Thus, this research stems from the idea that education can be an important tool in social change. After all, pedagogical practices and social interactions that occur in the daily life of schools promote certain values, even when teachers and other professionals of education are not aware of them (Branco, 2018). In this sense, we agree with the discussion developed by Branco (2018), that:

(…) schools should plan their activities beyond granting their students the mere acquisition of useful knowledge, skills, and abilities to later engage, successfully, in professional activities. They should also, and very importantly, pursue the fulfillment of their mission of fostering the development of ethical, critical, autonomous, morally responsible, and cooperative human beings. (p. 47).

Therefore, schools have a strategic role in promoting values in line with the prevention of violence against women and against the LGBTQIA+ population (Madureira et al., 2021; Paula et al., 2018), a very worrying problem in many countries, like Brazil. We illustrate this argument about the meaningful transformative potential of education with empirical examples from qualitative research made by the first author under the supervision of the second author. In said research we question: how do high school students understand the process of construction of the male identities?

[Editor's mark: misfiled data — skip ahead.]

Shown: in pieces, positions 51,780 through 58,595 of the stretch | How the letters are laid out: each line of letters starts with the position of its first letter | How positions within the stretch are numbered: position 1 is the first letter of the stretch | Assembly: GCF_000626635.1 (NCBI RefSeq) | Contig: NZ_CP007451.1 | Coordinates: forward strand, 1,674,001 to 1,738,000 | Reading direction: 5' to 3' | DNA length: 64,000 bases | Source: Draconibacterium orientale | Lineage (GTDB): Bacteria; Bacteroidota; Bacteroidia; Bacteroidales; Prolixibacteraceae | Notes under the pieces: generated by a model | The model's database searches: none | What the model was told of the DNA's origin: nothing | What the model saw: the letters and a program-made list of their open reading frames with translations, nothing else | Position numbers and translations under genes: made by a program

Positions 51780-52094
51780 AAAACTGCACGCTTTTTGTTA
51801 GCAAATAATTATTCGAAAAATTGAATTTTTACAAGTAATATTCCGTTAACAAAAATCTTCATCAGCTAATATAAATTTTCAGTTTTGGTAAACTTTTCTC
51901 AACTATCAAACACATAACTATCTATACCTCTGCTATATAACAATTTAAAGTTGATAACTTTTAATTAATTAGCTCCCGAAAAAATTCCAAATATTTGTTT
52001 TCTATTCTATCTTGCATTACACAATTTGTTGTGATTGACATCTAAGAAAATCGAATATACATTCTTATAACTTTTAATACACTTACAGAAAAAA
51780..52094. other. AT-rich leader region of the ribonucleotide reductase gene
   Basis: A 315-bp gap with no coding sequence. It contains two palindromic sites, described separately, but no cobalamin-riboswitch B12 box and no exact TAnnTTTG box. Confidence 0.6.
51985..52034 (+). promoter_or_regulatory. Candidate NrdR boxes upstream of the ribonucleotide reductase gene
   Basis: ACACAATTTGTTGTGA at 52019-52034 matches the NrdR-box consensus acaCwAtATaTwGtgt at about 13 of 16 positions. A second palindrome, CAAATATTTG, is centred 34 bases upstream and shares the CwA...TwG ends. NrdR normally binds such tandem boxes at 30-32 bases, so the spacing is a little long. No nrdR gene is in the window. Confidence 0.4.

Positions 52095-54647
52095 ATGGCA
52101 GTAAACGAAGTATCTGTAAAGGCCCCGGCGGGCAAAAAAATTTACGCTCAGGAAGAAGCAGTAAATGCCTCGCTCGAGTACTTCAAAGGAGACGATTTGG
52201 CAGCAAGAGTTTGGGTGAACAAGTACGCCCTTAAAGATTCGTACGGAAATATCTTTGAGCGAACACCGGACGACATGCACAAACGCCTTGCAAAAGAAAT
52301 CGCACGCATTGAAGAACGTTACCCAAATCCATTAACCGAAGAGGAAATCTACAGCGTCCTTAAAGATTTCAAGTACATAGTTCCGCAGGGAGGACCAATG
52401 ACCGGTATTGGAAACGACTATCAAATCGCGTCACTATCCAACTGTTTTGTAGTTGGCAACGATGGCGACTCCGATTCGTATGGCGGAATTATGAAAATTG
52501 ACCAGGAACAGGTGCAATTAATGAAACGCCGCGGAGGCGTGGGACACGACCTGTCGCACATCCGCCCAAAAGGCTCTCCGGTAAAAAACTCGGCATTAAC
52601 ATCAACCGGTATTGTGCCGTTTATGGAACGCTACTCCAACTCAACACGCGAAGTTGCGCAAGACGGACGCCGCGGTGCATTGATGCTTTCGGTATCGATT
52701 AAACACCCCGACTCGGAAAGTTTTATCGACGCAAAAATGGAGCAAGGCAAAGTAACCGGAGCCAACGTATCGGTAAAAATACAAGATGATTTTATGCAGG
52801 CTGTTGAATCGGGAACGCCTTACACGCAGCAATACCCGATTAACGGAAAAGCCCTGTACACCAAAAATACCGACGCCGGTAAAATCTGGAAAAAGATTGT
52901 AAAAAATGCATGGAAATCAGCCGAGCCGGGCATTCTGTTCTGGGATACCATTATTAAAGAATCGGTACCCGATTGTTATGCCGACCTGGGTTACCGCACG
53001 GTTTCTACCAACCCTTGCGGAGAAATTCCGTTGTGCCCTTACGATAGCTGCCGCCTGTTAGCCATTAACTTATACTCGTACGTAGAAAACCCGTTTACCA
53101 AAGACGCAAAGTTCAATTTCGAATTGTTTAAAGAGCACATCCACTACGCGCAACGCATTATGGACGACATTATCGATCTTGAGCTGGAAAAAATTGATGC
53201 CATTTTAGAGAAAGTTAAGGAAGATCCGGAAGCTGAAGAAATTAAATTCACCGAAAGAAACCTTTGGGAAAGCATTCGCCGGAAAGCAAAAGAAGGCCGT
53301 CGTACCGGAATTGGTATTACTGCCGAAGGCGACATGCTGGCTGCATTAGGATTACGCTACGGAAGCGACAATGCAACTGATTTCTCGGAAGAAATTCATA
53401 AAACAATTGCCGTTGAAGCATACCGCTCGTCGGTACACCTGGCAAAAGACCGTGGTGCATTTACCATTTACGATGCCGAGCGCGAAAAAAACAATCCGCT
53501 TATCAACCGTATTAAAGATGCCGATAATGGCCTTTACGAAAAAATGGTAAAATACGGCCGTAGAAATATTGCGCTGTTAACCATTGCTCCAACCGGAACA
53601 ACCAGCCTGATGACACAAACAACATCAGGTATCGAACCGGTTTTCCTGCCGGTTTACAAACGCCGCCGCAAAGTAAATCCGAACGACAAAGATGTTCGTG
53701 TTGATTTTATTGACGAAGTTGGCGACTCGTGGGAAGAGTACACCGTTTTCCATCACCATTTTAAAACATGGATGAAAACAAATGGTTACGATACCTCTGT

The general objective of the research in focus was to analyze issues related to the construction of male identities in the school context from the perspective of high school students. The specific objectives were: (a) to investigate students’ beliefs about social expectations anchored in hegemonic masculinity; and (b) to explore other ways of experiencing masculinity, beyond hegemonic masculinity, aiming at promoting a culture of peace in different social contexts. This research was conducted with eight male-identifying students in a public high school in the Federal District, Brazil.